GLENDALE, Ariz. -- As Greg Maddux came out of Team USA's dugout to visit Derek Holland in a World Baseball Classic exhibition Tuesday afternoon, the team's public-relations manager, John Blundell, casually noted: "His first trip ever to the mound as a pitching coach."

Technically, he was correct. But every time Maddux went to the mound over 22 seasons and 355 major-league victories, wasn't he essentially doing it as a pitching coach? Simply watching him should have been instructive, a constant reminder of the lethal properties hiding in an 88 m.p.h. fastball. Right or wrong, we always thought he could answer the "Wow, how did he do that?" question that amounts to pure rhetoric when applied to other exceptional athletes .

Joe Torre, the USA manager, said he had contacted Maddux before any other potential member of his coaching staff. The belief that working in the WBC imperils arms demanded a reassuring presence. 

"I just felt it was important to have a pitching coach who knows what it's like to go through spring training, and he was playing, what, four years ago?" Torre said.  "It's a security blanket for a lot of the pitchers here."

Maddux took a day to answer Torre's request, clearing the idea with his family. 

"I wanted to do it the minute I hung up," he said. "But you've got to take care of the other side of your life." 

Maddux said he hadn't studied the effect of WBC participation on arms, but he committed to running the staff exactly as if it were prepping to start a full MLB season. 

"I know the intensity of the games is a lot more," he said. "But the physical load of it's going to be no different from what they're accustomed to this time of year in spring training." 

Maddux has spent the last three seasons as a special instructor for the Cubs and Rangers, where older brother Mike holds the full-time job as pitching coach. His responsibilities have been limited, allowing for a normal family life relative to his years as a player. But he got back into the game very quickly, and he doesn't dismiss the suggestion that he might enter full-time coaching when both his children have moved onto adult lives.

"You never know," he said Tuesday.

Common sense suggests he would be the only 300-game winner from the era of eight-figure salaries to consider, for even a second, the rigors of coaching. But Randy Johnson, more from the "you can't coach someone to be 6-foot-10" school of athletes, turned up at the Diamondbacks' camp this week and hinted again at an interest in some sort of coaching assignment.

The two other 21st-century arrivals to the 300 Club have also veered into coaching, though not necessarily in a predictable manner. Clemens has begun Maddux-like consulting with the Astros, while Glavine really departed from the obvious: A fourth-round draft pick by the L.A. Kings in 1984, he coaches an Atlanta youth hockey team.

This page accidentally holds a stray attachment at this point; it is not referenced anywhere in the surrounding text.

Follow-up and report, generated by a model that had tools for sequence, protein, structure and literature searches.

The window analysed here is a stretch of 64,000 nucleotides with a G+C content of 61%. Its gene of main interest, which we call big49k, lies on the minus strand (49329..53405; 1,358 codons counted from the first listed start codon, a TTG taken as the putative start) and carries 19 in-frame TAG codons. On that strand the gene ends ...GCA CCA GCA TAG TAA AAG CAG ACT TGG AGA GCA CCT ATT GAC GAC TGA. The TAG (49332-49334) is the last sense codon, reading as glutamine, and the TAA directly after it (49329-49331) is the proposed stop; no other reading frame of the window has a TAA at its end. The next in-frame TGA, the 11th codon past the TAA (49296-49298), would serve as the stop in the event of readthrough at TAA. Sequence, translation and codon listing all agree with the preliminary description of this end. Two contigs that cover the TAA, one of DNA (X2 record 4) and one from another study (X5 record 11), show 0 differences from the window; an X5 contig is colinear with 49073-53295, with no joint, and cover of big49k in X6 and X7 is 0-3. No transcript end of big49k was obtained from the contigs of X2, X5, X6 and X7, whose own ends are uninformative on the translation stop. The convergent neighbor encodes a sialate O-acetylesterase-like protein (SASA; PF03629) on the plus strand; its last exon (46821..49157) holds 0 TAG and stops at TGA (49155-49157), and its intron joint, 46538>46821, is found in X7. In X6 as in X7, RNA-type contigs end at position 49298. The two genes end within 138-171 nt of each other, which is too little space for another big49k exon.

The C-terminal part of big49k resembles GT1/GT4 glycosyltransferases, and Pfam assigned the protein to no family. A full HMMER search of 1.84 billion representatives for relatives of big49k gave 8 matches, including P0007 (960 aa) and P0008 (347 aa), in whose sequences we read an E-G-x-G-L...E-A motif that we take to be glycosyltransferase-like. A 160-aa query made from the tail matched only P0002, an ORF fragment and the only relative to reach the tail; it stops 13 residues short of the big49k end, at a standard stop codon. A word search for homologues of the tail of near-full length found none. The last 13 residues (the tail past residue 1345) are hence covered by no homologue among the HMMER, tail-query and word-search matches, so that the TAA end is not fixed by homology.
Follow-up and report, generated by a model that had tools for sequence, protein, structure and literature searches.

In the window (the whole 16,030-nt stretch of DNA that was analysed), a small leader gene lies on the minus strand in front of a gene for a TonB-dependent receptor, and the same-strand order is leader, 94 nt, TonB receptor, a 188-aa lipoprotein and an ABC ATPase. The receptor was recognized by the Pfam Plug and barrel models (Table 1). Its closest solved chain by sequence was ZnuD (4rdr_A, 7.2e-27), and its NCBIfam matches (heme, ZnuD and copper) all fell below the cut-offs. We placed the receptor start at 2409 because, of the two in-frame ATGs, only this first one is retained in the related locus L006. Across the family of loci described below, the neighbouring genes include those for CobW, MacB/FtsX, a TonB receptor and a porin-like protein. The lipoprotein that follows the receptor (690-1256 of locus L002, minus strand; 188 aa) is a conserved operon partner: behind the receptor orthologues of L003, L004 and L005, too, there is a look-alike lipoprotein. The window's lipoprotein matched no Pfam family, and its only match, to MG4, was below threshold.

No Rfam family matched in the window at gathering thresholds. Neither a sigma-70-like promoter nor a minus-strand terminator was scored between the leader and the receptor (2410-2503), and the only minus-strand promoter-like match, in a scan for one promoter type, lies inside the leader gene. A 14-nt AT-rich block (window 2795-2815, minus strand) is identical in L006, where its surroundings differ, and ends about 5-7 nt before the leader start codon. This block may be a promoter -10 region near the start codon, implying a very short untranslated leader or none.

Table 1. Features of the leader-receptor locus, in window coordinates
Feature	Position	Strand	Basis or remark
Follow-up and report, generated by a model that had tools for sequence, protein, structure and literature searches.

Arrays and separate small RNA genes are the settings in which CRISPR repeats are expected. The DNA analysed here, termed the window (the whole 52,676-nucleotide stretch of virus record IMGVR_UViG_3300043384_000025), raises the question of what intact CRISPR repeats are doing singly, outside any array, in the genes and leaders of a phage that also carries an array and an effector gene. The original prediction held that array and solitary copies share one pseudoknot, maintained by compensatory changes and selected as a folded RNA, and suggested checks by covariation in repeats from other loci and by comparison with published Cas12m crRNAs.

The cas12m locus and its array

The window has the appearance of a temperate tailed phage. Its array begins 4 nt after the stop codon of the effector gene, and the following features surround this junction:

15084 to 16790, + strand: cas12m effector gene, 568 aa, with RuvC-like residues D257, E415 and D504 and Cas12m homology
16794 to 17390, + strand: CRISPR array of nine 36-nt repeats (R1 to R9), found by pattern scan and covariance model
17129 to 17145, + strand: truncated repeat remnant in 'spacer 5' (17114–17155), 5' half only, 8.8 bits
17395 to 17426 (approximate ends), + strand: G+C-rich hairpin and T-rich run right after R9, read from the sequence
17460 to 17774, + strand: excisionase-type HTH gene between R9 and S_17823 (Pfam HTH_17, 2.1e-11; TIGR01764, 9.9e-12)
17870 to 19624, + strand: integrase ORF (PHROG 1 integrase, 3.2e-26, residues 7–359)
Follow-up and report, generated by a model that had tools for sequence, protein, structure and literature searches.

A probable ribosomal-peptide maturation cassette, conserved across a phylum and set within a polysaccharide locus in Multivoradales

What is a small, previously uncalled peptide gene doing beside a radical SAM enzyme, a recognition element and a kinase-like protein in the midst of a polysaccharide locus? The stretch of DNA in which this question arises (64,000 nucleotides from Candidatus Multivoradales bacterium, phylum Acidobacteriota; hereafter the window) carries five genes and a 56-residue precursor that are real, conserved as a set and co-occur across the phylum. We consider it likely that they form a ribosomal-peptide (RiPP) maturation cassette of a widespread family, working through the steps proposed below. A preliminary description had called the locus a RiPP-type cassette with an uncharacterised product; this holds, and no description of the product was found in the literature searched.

At the moment, Maddux has to defer to some pretty strict WBC ground rules (no more than 65 pitches per appearance in this opening round) and the concerns of his pitchers' regular coaches. But he's free to coach in the most important ways, advising on technique or massaging a pickoff move. More than free, actually. 

"That's one of my obligations," he said. 

It might also have been one of Torre's recruiting tools.         

"I think it made a lot of general managers, and managers comfortable (about pitchers leaving spring camps for the WBC)," he said, "because let's think about it. Their pitchers have a chance to spend these weeks with Greg Maddux. That's pretty good tutoring."

Ryan Vogelsong, the Giants' postseason ace of 2012, didn't hesitate when asked what he most wanted to learn from Maddux: "The backdoor two-seamer to a righty. I have my first bullpen session with him tomorrow, and we're going to dive into it."

Holland, already a protégé as a Ranger, said Maddux had helped his fielding off the mound, making his reactions more efficient. 

But the real test for Maddux won't be graded until the end of the major-league season, and it will be marked on an unreasonable curve. In any given year, a pitcher can break down, fade out or lack the stamina he had the previous season. If it happens to one of the American WBC starters, by definition a small sample size, the Classic and everyone involved its administration will take the blame. 

Vogelsong, 35, didn't miss a start all of last season, and played through three rounds of the postseason, a workload that should have made this tournament's demands seem daunting, even unnerving. 

On Tuesday, his short-term pitching coach laid out an agenda that stressed the long-term effects of their time together.

"Mentally, we want to have them better off when the season starts," Maddux said, "and physically we want to get them stronger than they were before, when we return them to their teams." 

He didn't make a promise, but he seemed very confident that this coaching staff could govern almost any vagary. He made a specialty of that for 22 years. Now he has to do it with the ball in other people's hands.